Modern planes like the 777 are generally flown by computer autopilot systems that track the aircraft's position via motion sensors and dead reckoning. Automation technology is also used to land commercial planes. A recent survey of airline pilots showed that Boeing 777 pilots reported spending just seven minutes manually piloting aircraft in a typical flight. Airbus pilots spent even less time than that.

The flight monitoring study paired NASA research psychologist Steve Casner (also a pilot and aviation psychologist) with Jonathan Schooler, professor of psychological and brain sciences from UCSB. Their paper, entitled "Vigilance Impossible: Diligence, Distraction, and Daydreaming All Lead to Failures in Practical Monitoring Task," is currently available in the latest issue of the journal Consciousness and Cognition.

Casner and Schooler wanted to find out why monitoring failures happen, even among veteran pilots. For the study, the researchers asked 16 commercial airline pilots to monitor the progress of a simulated routine flight where high levels of cockpit automation were used for navigation and steering of the aircraft.

Past experiments outside of a flight cockpit have shown that monitoring a computer can be a tiring process that can lead to fatigue and inattention, so the researchers wanted to know specifically how professional airline pilots have handled the mundanity of staring at a computer screen.

What Did the Study Show? 

Schooler and Casner found that pilots in the cockpit often get sidetracked from monitoring when they perform tasks like speaking to air traffic controllers or configuring the plane's systems. These distractions have a net positive in that they can break up the tediousness of monitoring. However, these tasks can also cause pilots to miss important events during flight.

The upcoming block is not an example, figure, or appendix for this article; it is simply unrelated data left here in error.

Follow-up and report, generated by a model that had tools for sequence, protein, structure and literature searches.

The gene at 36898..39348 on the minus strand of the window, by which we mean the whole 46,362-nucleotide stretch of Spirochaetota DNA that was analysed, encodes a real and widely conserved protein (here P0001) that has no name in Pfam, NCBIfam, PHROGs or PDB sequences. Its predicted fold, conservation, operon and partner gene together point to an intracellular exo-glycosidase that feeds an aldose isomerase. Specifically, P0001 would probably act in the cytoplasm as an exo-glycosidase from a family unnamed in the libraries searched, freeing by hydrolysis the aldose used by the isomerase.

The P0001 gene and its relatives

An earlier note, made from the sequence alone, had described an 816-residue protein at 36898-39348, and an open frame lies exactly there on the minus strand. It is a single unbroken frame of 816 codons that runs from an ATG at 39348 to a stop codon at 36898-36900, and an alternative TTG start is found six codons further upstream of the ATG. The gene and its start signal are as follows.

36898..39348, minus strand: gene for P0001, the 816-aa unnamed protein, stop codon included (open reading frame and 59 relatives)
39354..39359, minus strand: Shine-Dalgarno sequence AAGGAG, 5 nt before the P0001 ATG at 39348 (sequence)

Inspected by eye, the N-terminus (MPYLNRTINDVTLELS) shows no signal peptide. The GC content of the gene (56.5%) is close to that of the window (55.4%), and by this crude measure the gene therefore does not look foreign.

Perhaps the most interesting part of the study is what researchers found when pilots weren't interrupted. Rather than being able to focus solely on monitoring, pilots ended up creating their own distractions by doing what Schooler and Casner refer to as "mind wandering."

When researchers asked pilots from time to time what was on their minds, pilots admitted to thinking about "task-unrelated thoughts" up to 50 percent of the time. These brief lapses in monitoring attention, the study found, frequently caused missed events mid-flight. In total, the pilots in the study failed to notice 25 percent of the altitude crossings they were supposed to monitor.

The researchers admitted that they were surprised by the number of times the pilots missed the altitude callouts, as well as the high frequency with which the pilots admitted to letting their minds wander.

"We should be very wary of relying on people to serve in a monitoring capacity-especially now, when we do have technology that can fill the monitoring role," Schooler would say of the study.

Casner agreed with this sentiment, adding that watching over a computer system is incredibly trying, if not impossible, for a human being to do well. "You can try paying attention, and you can try taking brief breaks, but sooner or later you'll miss something important," Casner said.

Perhaps this study shows that robots would be better-served monitoring flight systems, making technology the failsafe, rather than a mind-wandering human being?